Back in the Day: May 1989

Back in the Day: May 1989

This week, the BA time machine sets down at the end of May 1989...

Winter Season Week Eleven: Daring to Win...

-There’s a grim mood in Canberra and the nation at large, with the release of National Accounts data showing that the economy is growing at a rate of 5.4%, almost 2% higher than the rate forecast in the Federal Budget. In response, the nation’s banks raise their mortgage rates to 17%. Fears of the overheating of the nation’s economy are now universal.

-The mood is extremely dark in China, as the student-led protests for greater democracy begin to falter. It is reported that the ‘hard-liners’ have taken control of key government posts and the Army has moved into position surrounding the protest’s focal point, Tiananmen Square in the centre of Beijing. The Goddess of Democracy stands over the square, for now.

-A crowd estimated at 15,000 marches through central London protesting the publication of Salman Rushdie’s The Satanic Verses. As copies are burned in public view, 70 are arrested and 12 police injured.

-The one bright moment takes place in Brussels, during a summit celebrating 40 years of NATO. U.S. President George H.W. Bush releases proposals that will see his nation’s armed presence in Europe substantially reduced. They are hailed as a major step in the road towards peace between the superpowers.

- In football the Taylor inquiry into the Hillsborough disaster hears evidence from David Duckenfield, the police officer in charge on that day.  Under cross-examination he publically apologises to Liverpool supporters for the errors that led to the deaths of 96 people.

-On the pitch, the final game of the English first division sees Arsenal travel to Anfield, needing to win by two goals to prevent Liverpool completing the League-Cup double. In injury time and a goal to the good, Arsenal breaks clear. In the words of the late Brian Moore ‘Thomas...it’s up for grabs now...Thomas!’ Michael Thomas becomes the hero of most of North London as Arsenal claim the First Division title for the first time since 1971.

-Memorial Day weekend sees Emerson Fittipaldi win the Indianapolis 500 after a classic duel with Al Unser Jr., Darrell Waltrip take out the World 600 for the fifth time and Michael Jordan drag the Chicago Bulls to a 2-1 series lead over the Detroit Pistons in the NBA’s Eastern Conference Finals.

-The most notable death of the week was that of former Leeds United and England manager Don Revie. Revie dies in Edinburgh at the age of 61 from motor neurone disease.

-‘Forever Your Girl’, ‘Eternal Flame’ and ‘Ferry Cross the Mersey’ top the charts.

It was a big week with enough drama to keep a cardiologist’s child at a private school for a year.

So let’s get into it...

NBL Round Six

Friday 26th May 1989: Three NBL Games

NBL Game One: Newcastle Falcons @ Perth Wildcats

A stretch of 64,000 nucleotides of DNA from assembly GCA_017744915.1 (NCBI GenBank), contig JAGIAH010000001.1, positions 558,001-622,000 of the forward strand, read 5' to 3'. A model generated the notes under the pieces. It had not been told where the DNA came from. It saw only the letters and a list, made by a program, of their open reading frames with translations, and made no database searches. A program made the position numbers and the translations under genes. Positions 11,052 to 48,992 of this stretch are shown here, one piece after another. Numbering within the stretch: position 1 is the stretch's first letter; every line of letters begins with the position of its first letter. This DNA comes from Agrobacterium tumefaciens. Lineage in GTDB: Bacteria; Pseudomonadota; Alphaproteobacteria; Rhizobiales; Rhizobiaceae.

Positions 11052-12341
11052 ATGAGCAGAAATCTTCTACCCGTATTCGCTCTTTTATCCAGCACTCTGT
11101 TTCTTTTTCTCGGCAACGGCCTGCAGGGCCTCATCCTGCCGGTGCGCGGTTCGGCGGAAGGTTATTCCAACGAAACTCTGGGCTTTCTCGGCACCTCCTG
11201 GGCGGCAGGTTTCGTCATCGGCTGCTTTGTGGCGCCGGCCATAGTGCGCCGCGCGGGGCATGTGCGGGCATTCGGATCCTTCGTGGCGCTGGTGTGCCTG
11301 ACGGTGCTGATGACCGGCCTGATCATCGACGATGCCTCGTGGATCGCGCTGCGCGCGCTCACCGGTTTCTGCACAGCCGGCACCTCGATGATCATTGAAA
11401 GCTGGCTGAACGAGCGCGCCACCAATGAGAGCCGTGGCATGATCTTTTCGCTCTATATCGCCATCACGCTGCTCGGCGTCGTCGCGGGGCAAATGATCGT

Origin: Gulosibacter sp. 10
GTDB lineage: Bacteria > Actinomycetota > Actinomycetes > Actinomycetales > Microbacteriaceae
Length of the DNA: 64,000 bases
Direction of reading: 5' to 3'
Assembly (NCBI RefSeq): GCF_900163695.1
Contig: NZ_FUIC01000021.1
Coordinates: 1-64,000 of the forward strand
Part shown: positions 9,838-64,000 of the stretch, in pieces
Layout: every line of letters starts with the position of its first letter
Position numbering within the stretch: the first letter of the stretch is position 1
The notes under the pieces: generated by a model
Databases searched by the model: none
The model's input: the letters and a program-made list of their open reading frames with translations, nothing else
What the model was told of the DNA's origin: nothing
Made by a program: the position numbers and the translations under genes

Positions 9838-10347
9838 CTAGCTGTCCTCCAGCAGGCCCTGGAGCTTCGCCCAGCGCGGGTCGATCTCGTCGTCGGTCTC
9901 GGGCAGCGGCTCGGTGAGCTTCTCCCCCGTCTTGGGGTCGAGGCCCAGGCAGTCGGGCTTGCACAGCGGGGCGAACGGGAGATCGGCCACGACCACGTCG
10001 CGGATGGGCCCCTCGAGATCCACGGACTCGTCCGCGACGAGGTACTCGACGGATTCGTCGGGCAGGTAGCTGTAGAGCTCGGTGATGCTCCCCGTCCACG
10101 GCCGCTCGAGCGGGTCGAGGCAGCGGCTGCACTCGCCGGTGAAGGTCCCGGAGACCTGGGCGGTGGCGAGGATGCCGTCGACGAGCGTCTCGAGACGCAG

Final score: Wildcats 134-129

The Falcons got off to a roaring start, leading by 31-8 with four minutes remaining in the first quarter. Perth slowly whittled the lead down and Mike Ellis hit a three-pointer on the buzzer to tie the score at 101 at three quarter time. A frantic last quarter saw five lead changes and the Wildcats eventually claimed their sixth straight win. James Crawford led the Wildcats with 35 points while Michael Johnson was red hot for Newcastle with 44 points including eight three-pointers.

NBL Game Two: North Melbourne Giants @ Illawarra Hawks

Final score: Hawks 124-Giants 123

This game produced one of the most dramatic finishes in NBL history. A frantic fourth quarter (the start of which had been delayed for half an hour when a tree brought down high-tension power lines in the area) saw the Hawks and Giants swap runs and leads. Illawarra with five seconds to go led 122-121. Following a time-out, Don Bickett’s inbound pass was stolen by Mark Leader. A quick pass to Wayne Carroll who hit the prayer and the Giants had won! Or had they? According to the official time-piece, there were still two seconds remaining. North coach Bruce Palmer had run onto the floor and was immediately whistled for a technical foul by Roger Sheils. Following a long period of discussion, the foul stood, Greg Hubbard hit the two free-throws, bedlam. Following the match, the Giants filed an official protest with the League, claiming that score bench errors had cost them the game. Illawarra filed a counter-protest, saying that Palmer had ‘used bad language and made abusive gestures’ at the scoring officials. The wash-up from this game brings back memories of a similar game in 1986, when Illawarra and West Sydney took part in the NBL’s only replayed game.

Milestone Alert: This win is David Lindstrom’s 50th as an NBL coach.

NBL Game Three: Sydney Kings @ Melbourne Tigers

Final score: Kings 128-Tigers 125 (OT)

In a game described as ‘essentially a poor game of basketball’, Kings forward Marc Ridlen banked in a jumper with one second remaining to send the teams to overtime locked at 118-118. Sydney’s backcourt of Steve Carfino and Damian Keogh controlled the overtime and the Kings captured their third straight win, a first for the club. There was controversy after the game, with Sydney asking why Melbourne forward Dave Simmons had not been punished for elbowing Sydney ‘Bruise Brother’ Mark Dalton in the head. As Dalton said afterwards ‘The Kings play tough defence but we don’t throw elbows.’

Saturday 27th May 1989: Four NBL Games, Three WNBL Games

NBL Game Four: Newcastle Falcons @ Adelaide 36ers

Final score: 36ers 148-Falcons 123